Sunday Gazette-Mail from Charleston, West Virginia on June 29, 1975 · Page 71
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Sunday Gazette-Mail from Charleston, West Virginia · Page 71

Charleston, West Virginia
Issue Date:
Sunday, June 29, 1975
Page 71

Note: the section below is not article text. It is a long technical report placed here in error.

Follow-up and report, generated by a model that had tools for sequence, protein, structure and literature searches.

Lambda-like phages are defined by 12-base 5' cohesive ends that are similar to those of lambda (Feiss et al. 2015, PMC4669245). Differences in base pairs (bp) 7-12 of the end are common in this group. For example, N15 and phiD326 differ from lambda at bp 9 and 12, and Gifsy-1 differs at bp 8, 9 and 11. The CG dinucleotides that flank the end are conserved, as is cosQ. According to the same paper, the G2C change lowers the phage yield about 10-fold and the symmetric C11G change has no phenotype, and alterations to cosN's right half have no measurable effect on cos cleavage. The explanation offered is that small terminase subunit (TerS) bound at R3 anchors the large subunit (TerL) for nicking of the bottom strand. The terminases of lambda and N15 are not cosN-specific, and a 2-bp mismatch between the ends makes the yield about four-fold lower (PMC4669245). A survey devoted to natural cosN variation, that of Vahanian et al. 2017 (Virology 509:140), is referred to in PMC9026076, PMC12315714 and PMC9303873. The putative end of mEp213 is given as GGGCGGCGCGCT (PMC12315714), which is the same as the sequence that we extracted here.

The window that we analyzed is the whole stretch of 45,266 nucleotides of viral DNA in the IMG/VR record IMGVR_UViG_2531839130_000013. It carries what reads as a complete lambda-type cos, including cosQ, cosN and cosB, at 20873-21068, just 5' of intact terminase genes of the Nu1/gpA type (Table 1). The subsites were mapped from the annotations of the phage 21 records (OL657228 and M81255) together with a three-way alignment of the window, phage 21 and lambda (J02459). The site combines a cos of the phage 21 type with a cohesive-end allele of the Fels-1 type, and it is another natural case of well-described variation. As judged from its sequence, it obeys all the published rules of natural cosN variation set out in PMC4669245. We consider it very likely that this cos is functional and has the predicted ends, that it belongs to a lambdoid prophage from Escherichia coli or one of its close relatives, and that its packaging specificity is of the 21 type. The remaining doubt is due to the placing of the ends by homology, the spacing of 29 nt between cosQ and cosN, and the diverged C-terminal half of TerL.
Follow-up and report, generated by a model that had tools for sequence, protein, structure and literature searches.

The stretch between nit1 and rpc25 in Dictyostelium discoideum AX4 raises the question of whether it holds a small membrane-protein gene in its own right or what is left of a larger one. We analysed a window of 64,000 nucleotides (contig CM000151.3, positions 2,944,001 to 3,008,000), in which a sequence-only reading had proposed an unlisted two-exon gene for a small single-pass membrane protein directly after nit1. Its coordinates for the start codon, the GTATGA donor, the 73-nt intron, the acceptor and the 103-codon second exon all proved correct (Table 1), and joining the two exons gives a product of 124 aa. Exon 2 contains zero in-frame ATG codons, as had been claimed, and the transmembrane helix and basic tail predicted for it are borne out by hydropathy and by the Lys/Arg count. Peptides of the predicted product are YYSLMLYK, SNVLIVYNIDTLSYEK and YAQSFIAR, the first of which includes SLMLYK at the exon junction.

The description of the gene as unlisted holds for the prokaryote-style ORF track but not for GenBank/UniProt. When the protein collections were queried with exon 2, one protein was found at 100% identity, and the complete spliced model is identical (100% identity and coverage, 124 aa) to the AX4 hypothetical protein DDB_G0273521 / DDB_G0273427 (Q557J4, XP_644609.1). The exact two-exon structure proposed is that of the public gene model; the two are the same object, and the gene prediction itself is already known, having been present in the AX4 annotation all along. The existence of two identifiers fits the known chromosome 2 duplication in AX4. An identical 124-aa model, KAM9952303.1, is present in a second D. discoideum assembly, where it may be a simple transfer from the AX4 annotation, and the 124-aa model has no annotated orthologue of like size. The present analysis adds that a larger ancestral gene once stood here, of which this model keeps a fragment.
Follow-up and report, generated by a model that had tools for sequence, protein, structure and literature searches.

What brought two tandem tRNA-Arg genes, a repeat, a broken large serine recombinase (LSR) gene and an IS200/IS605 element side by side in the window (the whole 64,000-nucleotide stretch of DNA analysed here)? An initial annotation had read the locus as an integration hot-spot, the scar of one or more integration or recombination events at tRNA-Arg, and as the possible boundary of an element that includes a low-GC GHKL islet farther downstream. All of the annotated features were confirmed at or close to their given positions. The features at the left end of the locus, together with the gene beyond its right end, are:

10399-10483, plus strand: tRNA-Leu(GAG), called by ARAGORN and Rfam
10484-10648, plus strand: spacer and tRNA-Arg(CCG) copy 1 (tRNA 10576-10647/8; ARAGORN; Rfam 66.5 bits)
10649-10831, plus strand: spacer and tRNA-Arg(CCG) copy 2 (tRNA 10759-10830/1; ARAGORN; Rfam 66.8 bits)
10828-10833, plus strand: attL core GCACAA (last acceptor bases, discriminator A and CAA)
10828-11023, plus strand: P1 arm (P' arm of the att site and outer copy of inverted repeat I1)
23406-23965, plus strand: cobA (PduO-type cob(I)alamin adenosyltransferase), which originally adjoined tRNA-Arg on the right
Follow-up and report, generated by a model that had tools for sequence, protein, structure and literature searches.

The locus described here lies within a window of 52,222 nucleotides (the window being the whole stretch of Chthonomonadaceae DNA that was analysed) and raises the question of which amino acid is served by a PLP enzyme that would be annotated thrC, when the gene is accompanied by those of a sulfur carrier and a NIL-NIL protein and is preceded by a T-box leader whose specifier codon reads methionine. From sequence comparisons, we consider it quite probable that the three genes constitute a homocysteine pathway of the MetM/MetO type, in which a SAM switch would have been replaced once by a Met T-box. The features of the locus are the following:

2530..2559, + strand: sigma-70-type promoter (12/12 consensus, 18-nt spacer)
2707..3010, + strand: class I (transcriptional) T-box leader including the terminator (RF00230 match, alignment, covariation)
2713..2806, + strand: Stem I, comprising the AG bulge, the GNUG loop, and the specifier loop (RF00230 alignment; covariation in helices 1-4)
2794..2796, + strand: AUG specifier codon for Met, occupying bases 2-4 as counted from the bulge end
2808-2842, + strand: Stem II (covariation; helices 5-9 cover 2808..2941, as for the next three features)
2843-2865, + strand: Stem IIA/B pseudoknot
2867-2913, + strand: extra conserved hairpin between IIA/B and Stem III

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Sunday Gazette-Mail The Page Opposite Charleston, W.Va. Juie2$,1975 PageSE "Tfce really tough barriers are the prejudices that live in people's, minds," said Ernest Green, one of "The Little Rock Mne" that desegregated Central High in 1957. In Little Rock today, they are the barriers still, backed by guns and knives. Little Rock Today: 1957 Barriers Remain LITTLE ROCK (AP) - It's been nearly 18 years since a handful of black chil- dren-l'The Little Rock Nine"-entered Central High School under the protection . of 11,000 paratroopers and National Guardsmen. ; The nation's eyes have turned away : from Little Rock'since. Central High has a black principal and more than half its students are black. But it also has two "campus supervi- , sors" -- essentially unarmed security men^who pard the main entrance and '·· patrol with walkie-talkies. The school, indeed the entire school district, suffers from an abnormal scholastic crime rate. Last November a black junior high stu- 'i dent was shot to death by another black student during school hours. In December,.authorities found a black student with a .22 caliber revolver tucked in his belt; ..-,'·.;.'·' In January, William Robinson, 18, white; was expelled. He brought a sawed- off .410 shotgun to school, school officials said, and showed it to black students as a warning. In March, two young black students were expelled from Central after a fight in which; school officials said, a gun was used to threaten other black students. . . ' . ' . ' · . · * . ' IN THE SAME month, WaddeU Smith, 14, was expelled after threatening students with a gun during a fight involving blacks and whites on a school bus. The young black, said the bus driver, fired two shots in the air after leaving the bus. In the same month, Paul Vines, a 14-year-old eighth grader at Horace Mann Junior High was expelled for carrying a gun. Vines is white. "1 don't ever want to go back to Horace Mann," he said. "Things are really bad there." He protested that he hadn't intended to use the gun. He was only, at the behest of a friend, trying to sell it. "It turned out to be stolen," He said, "My friend figured the best place to sell the gun would be at By MARC WILSON school." And in May, Larry Barnes, 15, was expelled from Dunbar Junior High after he threatened a white student with a small caliber pistol. . "I did it because this anglo was hassling me," Barnes said. "They pistol-whipped another guy the week before and they said they were going to get me next." Barnes a black, vowed he never would get into "bad trouble like this again" because he wants to play basketball in school. But nevertheless, he said, "there are plenty of guns and knives at Dunbar. If you'd check through all the lockers you'd find three or four guns and loads of knives." All of this in less than two decades since Little Rock became in 1957, the prime example of resistance to the Supreme Court decision of -June 1954, to desegregate schools. Now again, Little Rock is the focus of charge and countercharge. Is discipline being fairly levied? What is the source of the problem? Is it white? Or black? THE SCHOOL district has hired campus supervisors to police the 22,127 students in its schools. This spring authorities even confiscated a pistol from a first grader. The school board has adopted a policy of mandatory expulsion of any student caught with a firearm, and 17 of those caught with guns have been expelled this year. : : In addition, one of every 16 black students (one of every eight black males) has been suspended for disciplinary reasons. In numbers, that means that of 919 students suspended, 580 were black males against 128 white males, and 180 were black females against 31 white females. The district has 11,2312 black students and 10,895 whites. "The suspensions have nothing to do with race," says Dr. Paul Fair, the district superintendent. "We suspend on the basis of action, without reference to race. It just seems to happen that more blacks are suspended than whites." Fair says the discipline problems in Little Rock are "no worse than elsewhere in the country." Yet, according to a federal government survey of discipline in the nation's schools in 1974, blacks accounted for 37 per cent of the expulsions and 42 per cent of the suspensions. Blacks made up 27 per cent of the enrollment in the 2,908 school districts surveyed. The school board has urged parents tyj "use criminal remedies : in response^ iife| school conflicts," and has asked the courts to "impose maximum penalties for illegal "· possession of firearms." A U.S. district court suit has challenged the school board's discipline and criminal prosecution policies. Lawyer John Walker, a long-time black civil rights activist, filed the suit on behalf of .50 black male students. It alleges: "The school .system's suspension and .expulsion rules and regulations are vague, indefinite and unclear, making possible arbitrary and racially discriminatory decision mak- i n g ..." -, : . . . · : , . . . · · · ; The suit is expected to go to trial this summer. , The National Association for the Advancement of Colored People filed a comf plaint with the Justice Department in March, challenging the school district's discipline policies. - . · · . - , . Rufus C. Huffman, NAACP southern education field director in Tuskegee, Ala., says the discipline policies "have negated the benefits of the desegregation. In some instances, the new desegragated system has proved more deterimental to black children than the old separate-but-equal system. . "School officials think desegregation means the old melting pot concept, where the blacks are assimilated into white society," he said. "But many blacks either: can't or don't want to be assimilated into white society. So the black kids end up out" on the streets. ; . Help for Towns, Cities: Minnesota Breaks Ground ST. PAUL, Minn. -- "Success stories" , in American government seem all too rare in these days of runaway problems and deep citizen disillusionment about the whole public process. But in the proud, vital state of Minnesota, one of the most perplexing issues of the times -- how states can make their localities effective and responsive units of government -- is being addressed in a way that could be a model for the whole nation, : The "secret" of Minnesota's success rests on a combination of factors -- a long tradition of "open" politics;.a feeling that citizens rather than special interests control government, a healthy and diversified economy, and a habit of common-sense approaches to problems that would ensnare many states in emotional and needless controversy. But the heart of Minnesota's approach is one that even less happily-endowed states should take note of: namely, that taxes and problems of social equality, metropolitan and small-town concerns, and the protection of the environment are all intimately related, and that no policy area can be dealt with effectively without close attention to the others. THE SHOWCASE REFORM of modern Minnesota -!- a 1971 tax reform bill that completely revamped school financing -is a case in point. Through dramatically increased state aid to local schools, with the biggest help for poorer school districts, the state made 1 a massive step to- ward'equality of educational opportunity. A second objective was to reduce reliance on what Democratic Gov. Wendell Anderson calls the "most obnoxious" of taxes - the total property tax, which money Item a citizen whether . By Neal R. Peiree he's employed or unemployed, having a good or b'ad year. The 1971 bill rolled back property taxes, replacing the revenue with state aid from an increased, sharply graduated income tax. "We think the income, tax is the fairest, and that's why we rely on it so heavily," according to Anderson. "We would just be lost without it." Another breakthrough in state action to help localities was a 1971 bill for the seven- county Twin Cities region around Minneapolis and St. Paul, where half the state's people live. The measure tries to relieve the intense competition between locab'ties for office buildings, shopping centers or industrial plants, just because they enrich the property tax. Now 40 per cent of the tax yield from any new commercial or industrial property is redistributed to all governments in the metropolitan region, based on population and need. As a result, localities no'longer struggle so hdrd to attract high-yield installations that may despoil their landscape. They are more open to accepting low-and medium- income housing (for which the state has a major loan fund), and to setting aside land for parks and other open-space uses. Thus tax reforms, initially aimed at achieving social equality, end up being vital environmental measures. Minnesota has enacted many growth policy bills -protection of critical scenic, historical or cultural areas, state control of power plant and transmission line sitings, a scenic and wild rivers bill, mandatory environmental impact statements for big housing or industrial projects, and millions of dollars in state aid to regional councils and local governments to let them do their own land use planning in the contAlt of a statewide plan. i the words of State Finance Direc- tor Gerald Christenson, using the state's power to protect the land and environment "is whistling Dixie unless you have tax reform." . , . ' , ' . , *· : " OUTSIDE THE TAX FIELD, Minnesota's most innovative measure in helping local governments in the Twin Cities Metropolitan Council, created by the legislature in 1967. The council has its own tax base, gubernatorially-appointed board, members, power of review over all federal aid projects, and control over metropolitan-wide concerns like sewage, transit, airports and parks. Thus it is much niore powerful than the loose-knit COG's (council of governments) operating around the nation. Now the cauncil wants the legislature to approve its ambitious guided growth policy for the Twin Cities area, The plan would control suburban sprawl and preserve scenic and farm areas by channeling growth into the established city centers and a limited number of new freestanding satellite growth centers. The zoning plans of municipalities would have to dovetail with the metropolitan-wide plan. Predictably, some of the new, fast-growing suburbs have voiced hot opposition. The assertive role Minnesota's state government has taken in tax and land use policy looks in one way like a "steal" of local autonomy. There's always a danger that arbitrary state action can have nega- . live results, not the positive ones hoped · for. But by relieving localities of oppressive property taxes and giving them the' money and technical advice they need to plan well, Minnesota may be doing more to enhance good local policymaking, and E -anteeing all its citizens a hopeful fu- in a decent physical environment,' i any other state in the Union. "Of course they'd be better off at the old separate-but-equal schools'-- even if there · wasn't toilet paper in the restrooms." ON MAY 21, the Little Rock Classroom Teachers Assn. released a .report saying: ":.. .increasingly, teachers are fearful of bodily harm at the hands of students they are supposed to be instructing; and supervising." The teachers suggested 37 ways to curb violence. Their suggestions included legislation to bar handguns among young people. Black enrollment in the school district has risen from 25 per cent in 1957 to 51 per cent today, although the black population in the metropolitan area is less than 20 per cent. The faculty and staff is 35 per cent black. Whites have fled the city's schools. In 1957, the white enrollment was 14,497, while in the school year j'us't ended there were 10,895, whites. In 1957, the "separate-but-equal" Little Rock School District was the largest in the state. Today, the Pulaski|County School District, which, surrounds! the core city schools, has an enrollment 20 per cent greater than the Little Rock schools. Pulaski Country schools have an 18 per cent black enrollment. Says Dr. Leonard Thalmueller, assistant superintendent of schools: "Our problems in the schools are a reflection of the community. We've had white flight from the city -- which started before desegregation -- and now we have drug problems and more student militancy. "The kids are bringing their problems to the schools, and we're just trying to deal with them. I guess it says something about society,, everywhere in the nation, that black kids seem to have more problems than whites." When Gov, Orval Faubus ordered the city's high schools closed in 1958, he said: "I have determined that domestic violence within the Little Rock'School District is impending, and that a general suitable and efficient'education system cannot be -maintained in the senior high schools of the Little Rock district because of integration of the races in such schools." Today according to the school board, violence "is the most serious threat to the future of our public schools." ' 'Little Rock will never be the same as it was the morning before we walked through the doors into Central," says Ernest Green, one of the "Little Rock Nine" that integrated the high school. He was the first black to graduate from Central. "But deep down, in terms of racial attitudes, things haven't changed very much," he said. "On the surface things have changed, but underneath Old Dixie still lives. "What we did back then was significant," he said. "But we know now what we didh't know then: that this fight wasn't won in the decade of the 1960s and probably won't be won this decade. "The barriers like all-black schools were the easy things to knock down really," he said. "The really tough barriers are the prejudices that live in people's minds." Green is now an equal opportunity employment counselor in New York, None of the "Little Rock Nine" still lives in Little 'Rock. Most of their'parents lost their jobs 1 the school Crisis, and the families elsewhere. r JenkinL. Jones The Only Question (C) Lait Angelet Timet On Nov. 25, 1973, in Perth. Australia, I picked up the review of an American movie in the Perth Sunday Times. Its critic, Dennis Hancock, said: "The Stars and Stripes is dragged well and truly through the mud in 'Scorpio.' The villian is the CIA, occupying a Big Brother complex which makes the Pentagon look like a country outhouse. "While; its hard-faced automatons plot to murder a colleague, a portrait of Abe Lincoln watches reproachfully from the wall. The only irreproachable character is a dedicated, but gentlemanly, Communist working for Russian intelligence." THIS OBSERVATION from the other side of the world was made well before the hurricane of allegations and charges engulfed the CIA. Sometime in the last few years Hollywood script-writing underwent an interesting change. The treatment previously accorded to the Gestapo and the NKVD was shifted .to the CIA. In consequence, not only has our film industry done pretty well at turning the world off at America (when was the last pro-American movie that you've seen?), but it has helped put much of the nation in a buying mood toward those who are selling the dismantling of our national security. The ROTC is riot "in" on those campuses where it is still tolerated at all. The "military-industrial" complex (whatever that is) has become a juju fetish. The job of undermining the morale and fighting capability of our armed services goes on apace, with quick and furious defenses of homosexuals, race-rioters and mutineers. And now comes the congressional investigation of the CIA. In the 28 years since the agency was formed under Harry Truman, what has it done that was aggressively sinister and could not be condoned by civilized men? Has it, indeed, been quilty of murder, or of ordering murder, or of plotting assassinations whether consummated or not? FOR THE FIRST TIME in the history of any nation the behavior of an intelligence "and counterintelligence agency is about to be hung out on the line. The behavior of such agencies in totalitarian or autocratic nations is never audited. Yet popular government has reason to fear any branch that makes its own law. Spy- masters might go berserk under any flag. But how the laundry is hung on the line is of immense importance. For if irresponsible congressmen (irresponsible, at least, to their oaths) are permitted to wade about in the secret files of the CIA in hip boots we will have no intelligence ncy. ' . ,,,.;'··,- ,-:···'·' ' · . · jtelligence is of two kinds - overt and srt, Overt intelligence (by far the larg- est part) involves compiling information and making deductions from that which openly is printed and said. Covert intelligence involves confidential informers, spies and planted agents. That's the dirty end, often involving theft. But in this world, the passive and timid never stand long against the ruthless. Former Rep. Water Judd has described Russia not as a bear that walks like a man but a conspiracy that walks like a state. It not only has ihe largest and most efficient in- house intelligence system in the history of the world (consider the size of their embassies) but every Communist Party hot affiliated with Mao provides extra eyes and ears. In addition, there are fellow travelers, not affiliated with the party, in every land plus the quiet plants in sensitive places who may die of old age before they're called upon. This is not the paranoia of "little old ladies in tennis shoes." Nor is it a matter of morality. Our side would love to have the capability of penetration that the Russians enjoy. It is simply realism. IT IS REALISTIC to protect your own agents. It is important to know which of them are already known to your potential enemy so that you can make replacements. It is realistic to seek to blow the cover of your potential enemy's agents and to frighten off foreign nationals who may be cooperating with those agents. Unless certain congressmen show more responsibility than they have in the past two weeks all this might be delivered to the Russians gratis. It is one thing to ascertain whether supervision over the CIA by the House and Senate intelligence committees needs to be strengthened, and it is quite another to leak classified information to the press. Are we going to throw out, at the demand of the congressional left, painstakingly gathered information on those within our borders (most of them American citizens) who could be expected to mount the greatest wave of sabotage and subversion we have ever experienced if the balloon really does en un? Arc we going to put our agents abroad and those who feed them information in jeopardy of their lives? , Reform the CIA or wreck it?. That is the cv^ · ·, : ',·.'· . · i ··.-"·· -i ·:; · ·· i, Jf · . 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